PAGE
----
Tagged as , , , + Categorized as Smith On Stocks Blog


  1. If FDA only requires SVC, then it will be a complete victory. But I am afraid FDA may want to see OS benefits instead of a surrogate indicator. OS will always be a viable primary endpoint of life-threatening diseases but it will drag on the trial one year or two and no one can be sure that a surrogate indicator really correlates with survival, adding some uncertainty to the fate of tirasemtiv if that scenario happens.

    Anyway, it can’t be worse given current stock price this low. And I do hope FDA soft on this one, which may benefit NSI 566 trial III as well.

  2. I think that with most diseases, the FDA would not accept a surrogate measure like SVC as an end point. They would want to see a valid disease point like overall survival or prolonging the time to mechanical ventilation. The most dangerous words in the English language are “This time it is different.” However, this is ALS and there has been no new drug approved for 20 years and that drug, rilutek, is marginally effective. The FDA is under great pressure from the ALS community to be aggressive in considering new drugs. Also, SVC appears to be a very good surrogate marker. If an ALS patient’s breathing function declines at a lesser rate even for only a few months as compared to placebo, most people would accept this as a sign of efficacy.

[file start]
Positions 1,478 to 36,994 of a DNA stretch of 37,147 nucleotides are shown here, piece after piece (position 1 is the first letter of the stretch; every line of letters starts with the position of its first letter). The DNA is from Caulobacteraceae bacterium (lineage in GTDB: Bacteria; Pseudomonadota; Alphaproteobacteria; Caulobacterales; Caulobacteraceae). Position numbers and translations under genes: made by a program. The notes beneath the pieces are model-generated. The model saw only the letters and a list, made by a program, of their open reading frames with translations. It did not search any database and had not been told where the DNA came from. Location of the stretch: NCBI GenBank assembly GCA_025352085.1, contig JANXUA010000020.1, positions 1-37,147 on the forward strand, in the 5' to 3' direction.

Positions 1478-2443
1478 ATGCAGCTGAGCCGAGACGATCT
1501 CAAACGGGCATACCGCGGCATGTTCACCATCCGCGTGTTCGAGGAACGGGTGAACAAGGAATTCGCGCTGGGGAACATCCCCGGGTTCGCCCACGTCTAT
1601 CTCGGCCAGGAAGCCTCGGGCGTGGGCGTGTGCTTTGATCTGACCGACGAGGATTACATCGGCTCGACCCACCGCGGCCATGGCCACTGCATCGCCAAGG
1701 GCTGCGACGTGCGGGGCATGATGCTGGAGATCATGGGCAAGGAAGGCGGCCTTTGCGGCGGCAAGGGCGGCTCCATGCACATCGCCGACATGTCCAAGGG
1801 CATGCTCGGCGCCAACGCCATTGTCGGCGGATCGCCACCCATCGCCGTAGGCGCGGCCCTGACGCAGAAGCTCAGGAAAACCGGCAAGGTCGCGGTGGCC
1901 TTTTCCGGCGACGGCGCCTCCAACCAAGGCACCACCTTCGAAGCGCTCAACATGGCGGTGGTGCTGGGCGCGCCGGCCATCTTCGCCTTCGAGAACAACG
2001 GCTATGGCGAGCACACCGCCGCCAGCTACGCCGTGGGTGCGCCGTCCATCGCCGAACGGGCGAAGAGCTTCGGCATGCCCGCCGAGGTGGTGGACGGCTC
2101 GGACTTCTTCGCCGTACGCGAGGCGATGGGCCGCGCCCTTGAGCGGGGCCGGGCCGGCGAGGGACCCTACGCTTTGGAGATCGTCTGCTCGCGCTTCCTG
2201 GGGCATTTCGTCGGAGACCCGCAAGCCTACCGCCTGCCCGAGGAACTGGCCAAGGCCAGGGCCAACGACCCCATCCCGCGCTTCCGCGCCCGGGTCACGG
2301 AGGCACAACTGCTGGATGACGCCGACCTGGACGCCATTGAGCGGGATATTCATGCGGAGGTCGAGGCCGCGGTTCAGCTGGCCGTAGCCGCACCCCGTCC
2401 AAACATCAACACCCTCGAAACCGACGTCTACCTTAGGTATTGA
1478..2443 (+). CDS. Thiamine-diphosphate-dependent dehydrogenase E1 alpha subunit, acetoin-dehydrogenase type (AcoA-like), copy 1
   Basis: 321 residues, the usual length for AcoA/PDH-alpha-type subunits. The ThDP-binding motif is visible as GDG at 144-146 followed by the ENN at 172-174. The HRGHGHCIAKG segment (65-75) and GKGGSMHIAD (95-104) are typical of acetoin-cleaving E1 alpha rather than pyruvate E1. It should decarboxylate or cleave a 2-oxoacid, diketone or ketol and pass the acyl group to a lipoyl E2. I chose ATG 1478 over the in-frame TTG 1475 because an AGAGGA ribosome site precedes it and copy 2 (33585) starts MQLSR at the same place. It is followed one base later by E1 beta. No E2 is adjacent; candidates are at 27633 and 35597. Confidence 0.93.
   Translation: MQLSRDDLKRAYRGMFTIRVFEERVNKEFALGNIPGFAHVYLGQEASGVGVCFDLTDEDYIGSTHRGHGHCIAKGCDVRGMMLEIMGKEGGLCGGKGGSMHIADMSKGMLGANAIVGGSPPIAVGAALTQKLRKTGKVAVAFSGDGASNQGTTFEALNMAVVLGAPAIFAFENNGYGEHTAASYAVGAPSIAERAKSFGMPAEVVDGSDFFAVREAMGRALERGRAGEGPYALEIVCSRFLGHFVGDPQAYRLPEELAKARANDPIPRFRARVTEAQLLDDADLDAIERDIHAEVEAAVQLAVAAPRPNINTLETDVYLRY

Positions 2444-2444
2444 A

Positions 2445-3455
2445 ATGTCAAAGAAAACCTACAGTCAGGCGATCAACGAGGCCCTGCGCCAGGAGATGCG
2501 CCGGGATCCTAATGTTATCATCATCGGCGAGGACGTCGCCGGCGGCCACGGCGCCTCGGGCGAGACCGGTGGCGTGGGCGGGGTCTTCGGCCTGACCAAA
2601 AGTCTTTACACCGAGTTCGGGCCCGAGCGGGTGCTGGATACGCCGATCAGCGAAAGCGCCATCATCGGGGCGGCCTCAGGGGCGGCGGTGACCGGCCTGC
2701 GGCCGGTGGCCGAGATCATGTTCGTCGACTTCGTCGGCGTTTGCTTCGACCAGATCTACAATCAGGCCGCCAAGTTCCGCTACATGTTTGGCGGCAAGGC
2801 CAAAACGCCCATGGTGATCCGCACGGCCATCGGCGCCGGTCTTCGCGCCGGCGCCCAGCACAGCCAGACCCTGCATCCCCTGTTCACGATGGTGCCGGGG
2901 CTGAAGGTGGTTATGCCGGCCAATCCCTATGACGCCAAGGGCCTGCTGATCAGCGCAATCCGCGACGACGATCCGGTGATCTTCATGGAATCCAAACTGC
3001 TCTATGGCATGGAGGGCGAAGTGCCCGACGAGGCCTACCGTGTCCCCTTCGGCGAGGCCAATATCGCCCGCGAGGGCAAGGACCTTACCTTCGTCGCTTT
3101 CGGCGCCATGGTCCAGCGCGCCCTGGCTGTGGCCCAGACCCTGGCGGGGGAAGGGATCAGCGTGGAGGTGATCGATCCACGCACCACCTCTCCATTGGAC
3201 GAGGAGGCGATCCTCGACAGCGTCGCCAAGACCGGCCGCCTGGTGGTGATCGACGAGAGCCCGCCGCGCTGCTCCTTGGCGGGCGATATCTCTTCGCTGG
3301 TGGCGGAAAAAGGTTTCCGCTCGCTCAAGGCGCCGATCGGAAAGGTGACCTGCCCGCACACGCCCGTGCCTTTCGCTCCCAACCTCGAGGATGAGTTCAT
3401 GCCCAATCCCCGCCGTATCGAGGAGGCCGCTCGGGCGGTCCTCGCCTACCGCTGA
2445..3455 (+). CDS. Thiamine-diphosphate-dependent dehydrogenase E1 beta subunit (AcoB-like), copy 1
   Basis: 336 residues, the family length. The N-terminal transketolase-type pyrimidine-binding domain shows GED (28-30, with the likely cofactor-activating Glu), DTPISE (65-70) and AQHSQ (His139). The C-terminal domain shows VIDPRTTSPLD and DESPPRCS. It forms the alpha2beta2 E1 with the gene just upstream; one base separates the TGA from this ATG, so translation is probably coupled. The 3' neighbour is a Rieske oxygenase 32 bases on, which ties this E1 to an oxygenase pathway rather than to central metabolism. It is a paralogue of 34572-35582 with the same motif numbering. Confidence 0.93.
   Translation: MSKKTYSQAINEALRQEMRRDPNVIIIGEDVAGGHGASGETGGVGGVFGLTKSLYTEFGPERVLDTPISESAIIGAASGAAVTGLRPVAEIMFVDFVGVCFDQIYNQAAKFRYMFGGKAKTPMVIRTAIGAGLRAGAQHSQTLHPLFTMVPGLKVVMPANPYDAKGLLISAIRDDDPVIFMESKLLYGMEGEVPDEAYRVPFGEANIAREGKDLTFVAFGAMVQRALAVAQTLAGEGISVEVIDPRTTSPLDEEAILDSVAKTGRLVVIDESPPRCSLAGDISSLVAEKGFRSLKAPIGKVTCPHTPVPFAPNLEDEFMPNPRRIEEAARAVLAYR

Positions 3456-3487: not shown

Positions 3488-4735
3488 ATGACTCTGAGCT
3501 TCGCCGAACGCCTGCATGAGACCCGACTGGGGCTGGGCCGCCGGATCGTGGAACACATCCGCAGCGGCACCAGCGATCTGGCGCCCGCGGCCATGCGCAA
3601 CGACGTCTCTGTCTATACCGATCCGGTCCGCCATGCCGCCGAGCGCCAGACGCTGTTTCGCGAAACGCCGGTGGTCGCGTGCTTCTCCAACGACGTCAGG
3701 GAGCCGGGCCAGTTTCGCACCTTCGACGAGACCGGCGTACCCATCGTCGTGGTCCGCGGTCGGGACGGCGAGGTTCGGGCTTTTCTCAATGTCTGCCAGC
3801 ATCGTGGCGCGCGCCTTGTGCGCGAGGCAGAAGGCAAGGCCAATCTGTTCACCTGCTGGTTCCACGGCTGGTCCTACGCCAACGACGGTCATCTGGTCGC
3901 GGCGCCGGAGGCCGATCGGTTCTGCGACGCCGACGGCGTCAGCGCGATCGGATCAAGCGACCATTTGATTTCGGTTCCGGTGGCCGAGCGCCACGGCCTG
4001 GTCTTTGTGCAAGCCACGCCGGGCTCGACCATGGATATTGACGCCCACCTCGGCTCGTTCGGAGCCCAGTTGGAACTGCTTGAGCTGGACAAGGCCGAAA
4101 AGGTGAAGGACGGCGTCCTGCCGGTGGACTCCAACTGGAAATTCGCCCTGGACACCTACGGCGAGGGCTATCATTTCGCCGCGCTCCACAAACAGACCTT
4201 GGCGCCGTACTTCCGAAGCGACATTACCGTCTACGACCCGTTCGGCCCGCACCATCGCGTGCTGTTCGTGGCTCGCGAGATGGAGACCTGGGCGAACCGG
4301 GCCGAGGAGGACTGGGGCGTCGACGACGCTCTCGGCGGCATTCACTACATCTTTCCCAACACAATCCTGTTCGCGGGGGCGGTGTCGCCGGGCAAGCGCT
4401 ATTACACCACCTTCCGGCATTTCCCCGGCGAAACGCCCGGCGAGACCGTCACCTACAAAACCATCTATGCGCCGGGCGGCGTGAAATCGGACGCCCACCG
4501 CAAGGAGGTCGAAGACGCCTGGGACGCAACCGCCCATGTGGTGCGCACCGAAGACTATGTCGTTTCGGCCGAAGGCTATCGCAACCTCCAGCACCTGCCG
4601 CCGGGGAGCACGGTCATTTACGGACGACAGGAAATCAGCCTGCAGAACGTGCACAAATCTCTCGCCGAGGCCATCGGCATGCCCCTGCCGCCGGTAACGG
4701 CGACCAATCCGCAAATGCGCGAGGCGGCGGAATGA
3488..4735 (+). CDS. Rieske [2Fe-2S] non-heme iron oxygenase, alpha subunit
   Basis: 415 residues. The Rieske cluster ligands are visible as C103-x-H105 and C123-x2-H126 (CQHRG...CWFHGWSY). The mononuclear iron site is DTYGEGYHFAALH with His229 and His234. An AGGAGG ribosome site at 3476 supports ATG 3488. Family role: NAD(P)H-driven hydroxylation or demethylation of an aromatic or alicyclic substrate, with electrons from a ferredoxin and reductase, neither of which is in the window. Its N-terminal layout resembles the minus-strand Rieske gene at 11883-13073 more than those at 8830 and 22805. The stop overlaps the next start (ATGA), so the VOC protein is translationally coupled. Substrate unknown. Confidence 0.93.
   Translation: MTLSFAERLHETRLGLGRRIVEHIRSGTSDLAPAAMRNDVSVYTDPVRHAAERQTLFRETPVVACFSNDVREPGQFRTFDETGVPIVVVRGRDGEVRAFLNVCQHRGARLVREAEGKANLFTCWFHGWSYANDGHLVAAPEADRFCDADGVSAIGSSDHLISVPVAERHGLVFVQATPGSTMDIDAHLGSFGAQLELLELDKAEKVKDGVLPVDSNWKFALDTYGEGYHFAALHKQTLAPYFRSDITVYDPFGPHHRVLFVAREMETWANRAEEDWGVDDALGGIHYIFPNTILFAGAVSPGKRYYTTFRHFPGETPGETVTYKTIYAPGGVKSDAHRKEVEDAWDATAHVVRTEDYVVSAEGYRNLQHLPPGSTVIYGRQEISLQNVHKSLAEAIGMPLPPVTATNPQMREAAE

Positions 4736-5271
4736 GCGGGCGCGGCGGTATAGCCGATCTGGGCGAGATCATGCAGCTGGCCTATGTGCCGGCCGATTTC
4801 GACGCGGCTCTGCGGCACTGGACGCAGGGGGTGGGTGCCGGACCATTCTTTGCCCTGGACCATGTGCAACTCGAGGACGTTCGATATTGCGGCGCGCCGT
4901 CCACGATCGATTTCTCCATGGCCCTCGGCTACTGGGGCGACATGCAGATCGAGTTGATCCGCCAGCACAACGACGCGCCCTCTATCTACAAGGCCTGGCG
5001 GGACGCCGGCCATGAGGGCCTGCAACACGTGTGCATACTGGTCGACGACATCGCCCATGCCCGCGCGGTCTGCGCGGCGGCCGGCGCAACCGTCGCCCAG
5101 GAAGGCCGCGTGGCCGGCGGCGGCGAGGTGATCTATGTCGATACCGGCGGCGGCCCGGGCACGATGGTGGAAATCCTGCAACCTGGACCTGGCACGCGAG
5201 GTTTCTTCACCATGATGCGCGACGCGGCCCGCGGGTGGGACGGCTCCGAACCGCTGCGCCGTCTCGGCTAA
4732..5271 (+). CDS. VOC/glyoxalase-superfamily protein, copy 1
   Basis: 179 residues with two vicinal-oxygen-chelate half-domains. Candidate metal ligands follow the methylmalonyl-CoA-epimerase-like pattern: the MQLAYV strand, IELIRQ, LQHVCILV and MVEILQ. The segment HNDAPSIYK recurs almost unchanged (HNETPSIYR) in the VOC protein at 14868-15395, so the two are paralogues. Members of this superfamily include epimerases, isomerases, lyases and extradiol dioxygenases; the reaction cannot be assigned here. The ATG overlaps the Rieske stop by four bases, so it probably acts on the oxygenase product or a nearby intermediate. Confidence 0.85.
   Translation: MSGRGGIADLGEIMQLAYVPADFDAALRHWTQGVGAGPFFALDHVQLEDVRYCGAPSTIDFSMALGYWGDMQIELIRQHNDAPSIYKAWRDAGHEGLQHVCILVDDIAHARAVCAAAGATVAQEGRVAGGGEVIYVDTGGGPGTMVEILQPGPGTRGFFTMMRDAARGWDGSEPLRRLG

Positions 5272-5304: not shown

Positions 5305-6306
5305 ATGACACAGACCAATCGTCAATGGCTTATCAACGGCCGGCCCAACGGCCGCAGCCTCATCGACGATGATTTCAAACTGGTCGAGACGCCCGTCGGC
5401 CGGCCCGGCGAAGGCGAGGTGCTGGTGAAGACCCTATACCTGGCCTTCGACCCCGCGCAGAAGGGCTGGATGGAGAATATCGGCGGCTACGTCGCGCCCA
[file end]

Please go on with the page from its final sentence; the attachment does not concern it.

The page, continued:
I don’t know what the FDA will do, but some opinion leaders are urging this course of action and there will be howls of protest from the ALS community if the FDA sticks to ALSFRS-r as a primary endpoint. However’ as you so correctly point out, acceptance of SVC as the primary endpoint would be a complete victory. If the FDA insists on using ALSFRS-r as the endpoint tirasemtiv is dead, but again as you point out, there is not much in the stock for tirasemtiv.

    Thanks as always for your perceptive comments.


You must be logged in, or you must subscribe to post a comment.